Editor’s Note: The EIA will release its Winter Fuels Outlook today at 11:00am, giving an outlook on expected fuel prices and trends during the winter, as well as a forecast of expected cold weather. This is important for energy consumers because it affects both their natural gas demand and gives an outlook of what type of winter weather to expect. For diesel users in cold areas, having a simple, effective winter fuel strategy is essential. Click Here to have a cold weather fuel expert speak with you about your winter diesel plans.
Most U.S. households can expect higher heating expenditures this winter (October through March) than the last two winters according to EIA’s Winter Fuels Outlook, which will be released at 11:00 a.m. today. Higher expected winter heating expenditures are the result of both more heating demand because of relatively colder weather and, to a lesser extent, higher fuel prices.
EIA’s projections of heating demand are based on the most recent temperature forecasts from the National Oceanic and Atmospheric Administration (NOAA). NOAA’s forecast anticipates that winter weather will be 13% colder than last winter and closer to the average of the previous 10 winters.
Because weather patterns present great uncertainty to winter energy forecasts, EIA’s Winter Fuels Outlook includes projections for 10% colder and 10% warmer scenarios. In the past 10 winters, actual temperatures have been more than 10% colder than NOAA’s September forecast once and warmer than the forecast twice.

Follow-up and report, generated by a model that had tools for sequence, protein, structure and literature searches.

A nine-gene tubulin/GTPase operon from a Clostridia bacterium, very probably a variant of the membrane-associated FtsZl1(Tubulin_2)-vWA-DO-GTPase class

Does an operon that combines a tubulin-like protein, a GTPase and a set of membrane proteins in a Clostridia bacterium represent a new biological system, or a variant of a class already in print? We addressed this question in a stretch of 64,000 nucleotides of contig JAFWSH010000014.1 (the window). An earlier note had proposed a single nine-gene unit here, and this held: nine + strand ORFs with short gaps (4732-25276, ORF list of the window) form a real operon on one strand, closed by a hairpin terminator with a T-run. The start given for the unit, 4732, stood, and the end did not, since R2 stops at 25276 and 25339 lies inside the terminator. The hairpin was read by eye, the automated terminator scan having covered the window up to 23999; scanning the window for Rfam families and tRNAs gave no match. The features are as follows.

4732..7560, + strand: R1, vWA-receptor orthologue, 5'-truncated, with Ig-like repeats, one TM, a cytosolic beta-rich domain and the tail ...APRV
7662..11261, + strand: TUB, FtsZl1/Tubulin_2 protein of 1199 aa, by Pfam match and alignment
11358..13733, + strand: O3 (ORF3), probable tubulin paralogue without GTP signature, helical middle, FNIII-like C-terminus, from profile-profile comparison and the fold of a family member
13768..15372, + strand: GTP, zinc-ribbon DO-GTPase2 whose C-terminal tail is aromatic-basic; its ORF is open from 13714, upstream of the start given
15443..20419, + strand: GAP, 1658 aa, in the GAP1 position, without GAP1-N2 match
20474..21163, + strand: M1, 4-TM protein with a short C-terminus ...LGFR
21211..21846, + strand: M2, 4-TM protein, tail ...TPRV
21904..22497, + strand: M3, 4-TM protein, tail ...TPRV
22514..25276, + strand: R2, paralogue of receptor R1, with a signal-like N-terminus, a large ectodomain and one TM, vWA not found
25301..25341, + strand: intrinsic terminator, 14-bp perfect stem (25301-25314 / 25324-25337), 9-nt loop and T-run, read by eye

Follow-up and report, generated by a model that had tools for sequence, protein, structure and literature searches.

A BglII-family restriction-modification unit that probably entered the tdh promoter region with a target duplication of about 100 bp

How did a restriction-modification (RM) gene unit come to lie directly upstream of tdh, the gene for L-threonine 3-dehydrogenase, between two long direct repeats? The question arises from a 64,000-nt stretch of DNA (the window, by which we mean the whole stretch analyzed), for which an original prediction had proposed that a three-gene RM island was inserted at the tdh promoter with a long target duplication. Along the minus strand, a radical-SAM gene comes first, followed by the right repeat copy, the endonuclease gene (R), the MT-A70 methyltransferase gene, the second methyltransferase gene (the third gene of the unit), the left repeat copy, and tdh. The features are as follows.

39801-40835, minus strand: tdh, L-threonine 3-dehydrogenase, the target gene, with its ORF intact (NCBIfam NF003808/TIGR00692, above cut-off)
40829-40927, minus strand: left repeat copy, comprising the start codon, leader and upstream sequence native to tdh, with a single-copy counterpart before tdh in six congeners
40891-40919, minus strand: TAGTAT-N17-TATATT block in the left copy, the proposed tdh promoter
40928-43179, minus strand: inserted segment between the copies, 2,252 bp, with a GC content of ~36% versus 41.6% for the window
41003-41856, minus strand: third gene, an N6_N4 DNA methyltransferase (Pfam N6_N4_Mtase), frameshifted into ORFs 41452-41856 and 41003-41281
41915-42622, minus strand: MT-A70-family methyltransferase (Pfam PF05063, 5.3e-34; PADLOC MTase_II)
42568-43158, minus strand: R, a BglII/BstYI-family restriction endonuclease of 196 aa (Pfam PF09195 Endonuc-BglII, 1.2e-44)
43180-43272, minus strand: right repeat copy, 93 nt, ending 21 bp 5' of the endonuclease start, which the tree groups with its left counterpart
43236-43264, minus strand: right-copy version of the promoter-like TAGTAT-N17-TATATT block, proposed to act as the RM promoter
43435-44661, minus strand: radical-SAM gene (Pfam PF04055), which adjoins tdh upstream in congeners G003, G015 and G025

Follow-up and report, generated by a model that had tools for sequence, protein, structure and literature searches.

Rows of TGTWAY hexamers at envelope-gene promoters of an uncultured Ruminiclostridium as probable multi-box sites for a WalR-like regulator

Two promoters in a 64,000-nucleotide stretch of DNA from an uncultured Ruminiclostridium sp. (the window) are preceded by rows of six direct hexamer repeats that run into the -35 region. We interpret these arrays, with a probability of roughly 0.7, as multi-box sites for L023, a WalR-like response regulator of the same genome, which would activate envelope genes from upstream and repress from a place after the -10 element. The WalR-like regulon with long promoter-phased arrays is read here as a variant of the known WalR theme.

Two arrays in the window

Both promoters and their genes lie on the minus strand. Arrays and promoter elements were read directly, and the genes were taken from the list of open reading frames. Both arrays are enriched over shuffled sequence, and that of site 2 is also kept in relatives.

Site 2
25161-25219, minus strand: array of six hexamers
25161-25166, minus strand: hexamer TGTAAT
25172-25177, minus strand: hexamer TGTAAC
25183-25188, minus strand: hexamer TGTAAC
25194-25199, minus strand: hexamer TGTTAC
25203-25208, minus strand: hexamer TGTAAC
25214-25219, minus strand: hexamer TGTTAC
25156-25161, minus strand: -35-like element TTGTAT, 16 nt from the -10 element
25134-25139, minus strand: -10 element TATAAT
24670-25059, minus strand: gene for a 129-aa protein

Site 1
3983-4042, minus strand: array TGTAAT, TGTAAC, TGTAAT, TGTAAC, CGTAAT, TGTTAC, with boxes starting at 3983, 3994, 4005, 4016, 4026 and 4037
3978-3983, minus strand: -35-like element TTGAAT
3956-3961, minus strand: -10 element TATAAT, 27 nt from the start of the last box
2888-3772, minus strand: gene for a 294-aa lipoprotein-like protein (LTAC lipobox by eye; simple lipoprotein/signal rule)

The average household winter heating fuel expenditures in EIA’s forecast provide a broad guide to expected heating expenditures. Fuel expenditures for any household also depend on the size and energy efficiency of the home and its heating equipment, indoor temperature preferences, and local weather conditions.
The choice of primary heating fuel varies considerably by region, resulting in regional differences in total expenditures. Natural gas is the most common space heating fuel in every region except the South, where electric heating is more prevalent. Heating oil is much more common in the Northeast than in other regions, while propane is more common in the Midwest.
More information about EIA’s expectations of winter fuels prices and expenditures is available in the Short-Term Energy Outlook supplement on winter fuels, released at 11:00 a.m. today.
The National Association of State Energy Officials (NASEO) and EIA will host a 2017–2018 Winter Energy Outlook Webinar this morning from 11:00 a.m. to 1:00 p.m. Eastern Time. The webinar will address global oil supply uncertainty and the effects of projected winter weather on the demand for heating fuels and key transportation fuels.